The House Jan. 6 committee is headed back to prime time for its eighth hearing — potentially the final time this summer that lawmakers will lay out evidence about the U.S. Capitol insurrection and President Donald Trump’s efforts to overturn his 2020 election defeat.
Thursday’s hearing is expected to focus on what Trump was doing in the White House as the violence unfolded on Jan. 6, 2021. Rep. Adam Kinzinger, an Illinois Republican who is one of two members leading the hearing, said he expects it will “open people’s eyes in a big way.”
This will be the panel’s second hearing in prime time. The first, on June 9, was watched by more than 20 million people.
The hearing is scheduled to begin at 8 p.m. Eastern Time.
Committee members have said the hearing will be an in-depth look at what Trump was doing in the White House that day as hundreds of his supporters violently pushed past police and broke into the building.
The panel has already revealed some of the Trump evidence in previous hearings, showing clips of multiple White House aides who tried to pressure the president to act, or to publicly call on the rioters to leave, as he watched television in a West Wing dining room.
But there are still questions about what the president was doing, especially because official White House records of Trump’s phone calls included an eight-hour gap, from a little after 11 that morning to about 7 that evening.
The committee has tried to fill in that gap with witness interviews and other sources, such as subpoenaing private phone records. A panel member, Rep. Pete Aguilar, D-Calif., said Trump could have called off the rioters at any time, but he did not. More than three hours, or 187 minutes, passed before he finally did.
“The consequences we’re still dealing with today,” Aguilar said.
“You will hear that Donald Trump never picked up the phone that day to order his administration to help,” Rep. Liz Cheney of Wyoming, the committee’s Republican vice chairwoman, said as she previewed the hearing last week.
Two former White House aides who resigned immediately after the insurrection will testify at the hearing. Former deputy press secretary Sarah Matthews and former deputy national security adviser Matthew Pottinger will talk about what they saw and heard in the White House as Trump learned about the insurrection and waited hours to tell the rioters to leave the Capitol.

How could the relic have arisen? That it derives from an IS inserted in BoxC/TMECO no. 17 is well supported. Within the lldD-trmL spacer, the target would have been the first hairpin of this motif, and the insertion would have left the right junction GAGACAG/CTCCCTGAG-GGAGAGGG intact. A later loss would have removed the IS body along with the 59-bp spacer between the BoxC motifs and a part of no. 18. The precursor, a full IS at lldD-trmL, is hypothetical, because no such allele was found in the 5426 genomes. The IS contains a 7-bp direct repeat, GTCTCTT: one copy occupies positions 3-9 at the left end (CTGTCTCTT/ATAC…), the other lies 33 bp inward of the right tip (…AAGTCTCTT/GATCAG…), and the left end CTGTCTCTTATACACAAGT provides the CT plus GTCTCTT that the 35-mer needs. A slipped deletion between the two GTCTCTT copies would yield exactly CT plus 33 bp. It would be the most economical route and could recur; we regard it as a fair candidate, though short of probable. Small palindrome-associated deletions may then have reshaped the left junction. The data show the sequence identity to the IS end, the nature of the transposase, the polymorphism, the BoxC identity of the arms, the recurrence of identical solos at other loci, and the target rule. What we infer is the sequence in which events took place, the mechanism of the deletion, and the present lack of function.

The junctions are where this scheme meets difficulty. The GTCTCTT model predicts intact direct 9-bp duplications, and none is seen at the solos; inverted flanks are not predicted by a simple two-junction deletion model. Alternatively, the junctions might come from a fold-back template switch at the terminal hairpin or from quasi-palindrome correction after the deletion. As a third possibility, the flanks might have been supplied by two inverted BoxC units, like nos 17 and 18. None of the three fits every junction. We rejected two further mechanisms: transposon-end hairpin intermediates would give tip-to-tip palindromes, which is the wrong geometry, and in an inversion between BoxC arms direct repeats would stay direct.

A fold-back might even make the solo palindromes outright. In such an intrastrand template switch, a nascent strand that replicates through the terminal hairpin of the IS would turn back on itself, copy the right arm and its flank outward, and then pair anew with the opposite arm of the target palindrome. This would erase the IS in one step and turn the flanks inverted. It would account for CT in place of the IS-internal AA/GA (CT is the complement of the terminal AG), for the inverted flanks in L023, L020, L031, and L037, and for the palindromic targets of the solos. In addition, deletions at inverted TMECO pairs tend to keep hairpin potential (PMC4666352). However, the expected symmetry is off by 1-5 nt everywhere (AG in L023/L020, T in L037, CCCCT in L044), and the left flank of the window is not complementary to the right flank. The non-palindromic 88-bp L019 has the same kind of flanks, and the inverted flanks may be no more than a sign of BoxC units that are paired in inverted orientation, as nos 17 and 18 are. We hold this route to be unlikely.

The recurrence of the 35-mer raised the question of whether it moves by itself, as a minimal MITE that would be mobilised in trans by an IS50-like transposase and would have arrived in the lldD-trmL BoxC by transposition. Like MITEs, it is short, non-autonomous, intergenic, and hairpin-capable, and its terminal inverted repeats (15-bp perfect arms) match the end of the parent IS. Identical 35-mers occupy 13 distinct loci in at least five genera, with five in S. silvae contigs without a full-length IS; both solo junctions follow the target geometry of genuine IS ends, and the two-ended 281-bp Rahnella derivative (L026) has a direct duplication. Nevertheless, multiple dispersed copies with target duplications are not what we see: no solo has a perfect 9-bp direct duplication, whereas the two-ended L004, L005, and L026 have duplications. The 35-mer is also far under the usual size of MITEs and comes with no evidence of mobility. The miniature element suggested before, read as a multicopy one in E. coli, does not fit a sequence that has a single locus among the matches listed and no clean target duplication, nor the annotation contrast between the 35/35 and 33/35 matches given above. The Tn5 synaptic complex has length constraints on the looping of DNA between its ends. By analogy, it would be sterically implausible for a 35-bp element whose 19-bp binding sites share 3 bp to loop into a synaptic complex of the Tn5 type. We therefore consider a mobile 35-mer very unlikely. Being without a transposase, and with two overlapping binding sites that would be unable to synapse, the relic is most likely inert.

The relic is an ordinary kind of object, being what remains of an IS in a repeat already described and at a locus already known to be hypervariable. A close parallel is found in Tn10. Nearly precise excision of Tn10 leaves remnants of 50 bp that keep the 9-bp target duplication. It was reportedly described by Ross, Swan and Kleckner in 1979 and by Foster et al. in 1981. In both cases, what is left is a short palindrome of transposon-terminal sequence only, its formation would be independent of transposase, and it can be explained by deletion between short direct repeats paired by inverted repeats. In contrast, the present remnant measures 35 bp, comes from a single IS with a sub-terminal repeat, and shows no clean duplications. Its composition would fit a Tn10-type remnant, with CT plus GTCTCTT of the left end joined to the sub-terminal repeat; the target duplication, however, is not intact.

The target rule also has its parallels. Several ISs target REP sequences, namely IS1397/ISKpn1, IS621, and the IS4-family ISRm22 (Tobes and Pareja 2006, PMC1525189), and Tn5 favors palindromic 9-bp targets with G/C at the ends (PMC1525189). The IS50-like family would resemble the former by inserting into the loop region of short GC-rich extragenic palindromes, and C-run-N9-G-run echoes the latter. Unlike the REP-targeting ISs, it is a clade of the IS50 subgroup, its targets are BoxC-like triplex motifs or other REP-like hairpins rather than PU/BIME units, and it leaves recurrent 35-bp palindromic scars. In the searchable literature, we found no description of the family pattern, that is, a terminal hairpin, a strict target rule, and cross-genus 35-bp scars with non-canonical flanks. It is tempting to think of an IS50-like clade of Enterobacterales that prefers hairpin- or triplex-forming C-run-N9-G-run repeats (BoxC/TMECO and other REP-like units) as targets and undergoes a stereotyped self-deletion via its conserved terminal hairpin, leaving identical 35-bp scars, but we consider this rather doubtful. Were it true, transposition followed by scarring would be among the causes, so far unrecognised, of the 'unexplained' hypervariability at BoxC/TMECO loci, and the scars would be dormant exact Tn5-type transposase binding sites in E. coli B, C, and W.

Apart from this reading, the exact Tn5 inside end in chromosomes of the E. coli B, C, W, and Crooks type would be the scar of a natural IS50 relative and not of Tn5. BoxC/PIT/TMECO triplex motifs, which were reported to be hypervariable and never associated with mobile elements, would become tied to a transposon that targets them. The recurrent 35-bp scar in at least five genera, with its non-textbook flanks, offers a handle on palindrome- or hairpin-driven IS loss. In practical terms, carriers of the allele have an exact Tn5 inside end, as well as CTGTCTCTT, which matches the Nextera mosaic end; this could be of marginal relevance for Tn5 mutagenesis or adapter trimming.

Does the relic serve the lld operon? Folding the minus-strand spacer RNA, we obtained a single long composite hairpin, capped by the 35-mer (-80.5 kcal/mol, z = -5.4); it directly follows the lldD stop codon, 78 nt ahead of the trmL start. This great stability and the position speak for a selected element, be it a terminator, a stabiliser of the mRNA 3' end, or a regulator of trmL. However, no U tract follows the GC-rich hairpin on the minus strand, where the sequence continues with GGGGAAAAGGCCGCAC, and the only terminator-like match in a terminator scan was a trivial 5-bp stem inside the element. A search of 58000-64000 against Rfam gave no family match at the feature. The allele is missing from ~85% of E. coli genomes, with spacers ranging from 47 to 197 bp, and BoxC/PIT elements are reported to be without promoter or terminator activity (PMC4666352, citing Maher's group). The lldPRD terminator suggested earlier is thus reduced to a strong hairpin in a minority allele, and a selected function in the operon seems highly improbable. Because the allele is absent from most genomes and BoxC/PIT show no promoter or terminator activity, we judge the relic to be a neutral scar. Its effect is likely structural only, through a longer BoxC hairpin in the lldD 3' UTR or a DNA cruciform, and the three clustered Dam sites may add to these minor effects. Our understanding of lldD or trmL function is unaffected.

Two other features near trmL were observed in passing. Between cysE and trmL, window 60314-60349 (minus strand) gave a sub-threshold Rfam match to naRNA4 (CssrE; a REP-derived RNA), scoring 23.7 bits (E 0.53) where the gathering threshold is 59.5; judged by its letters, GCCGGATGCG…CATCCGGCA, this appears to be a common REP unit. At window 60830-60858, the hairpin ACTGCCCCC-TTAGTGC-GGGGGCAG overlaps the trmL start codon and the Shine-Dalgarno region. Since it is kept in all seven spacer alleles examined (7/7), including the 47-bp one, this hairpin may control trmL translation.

Rep. Elaine Luria, D-Va., who will lead the hearing with Kinzinger, said the two witnesses “believed in the work they were doing, but didn’t believe in the stolen election.”
The committee will be “hearing from people who were in the White House, what they observed, what their reactions were,” Luria said.
The finale in the committee’s summer series of hearings will seek to wrap up the story the panel has been telling from the start — that Trump was told his claims of widespread fraud were false but pushed them anyway, without regard for democracy or the people who were affected, and that his words and actions incited the riot at the Capitol.
The lawmakers are expected to give a minute-by-minute description of what happened the day of Jan. 6, a capstone to previous hearings that examined the weeks running up to the insurrection.
A Democratic member of the committee, Maryland Rep. Jamie Raskin, said the hearing will be about what happened in three different places on Jan. 6: The White House, inside the Capitol and outside the Capitol, where police officers were beaten and overwhelmed by the rioters.
As the committee wraps up this “season” of hearings, like a television show, there are likely to be some cliffhangers.
Among the questions the committee may leave unanswered: Will the committee call Trump to testify? Or his vice president, Mike Pence? Will there be more hearings? Are they holding back any information for their final report?
At least one hearing is expected in the fall, when the nine-member panel is expected to issue a report on its findings, but more hearings are possible. If Republicans take control of the House in November’s midterm elections, they are expected to shut down the committee.
The panel’s work will also continue to reverberate through other investigations, including at the Justice Department, which has arrested more than 800 suspected rioters and has seized or sought information from some of the politicians and others who were allied with Trump as he tried to overturn the vote. The Justice Department has asked the committee for some of its interview transcripts.
Raskin said before the hearings began that the measure of success would be “whether we are able to preserve American democracy and our institutions — it’s a long-term test.”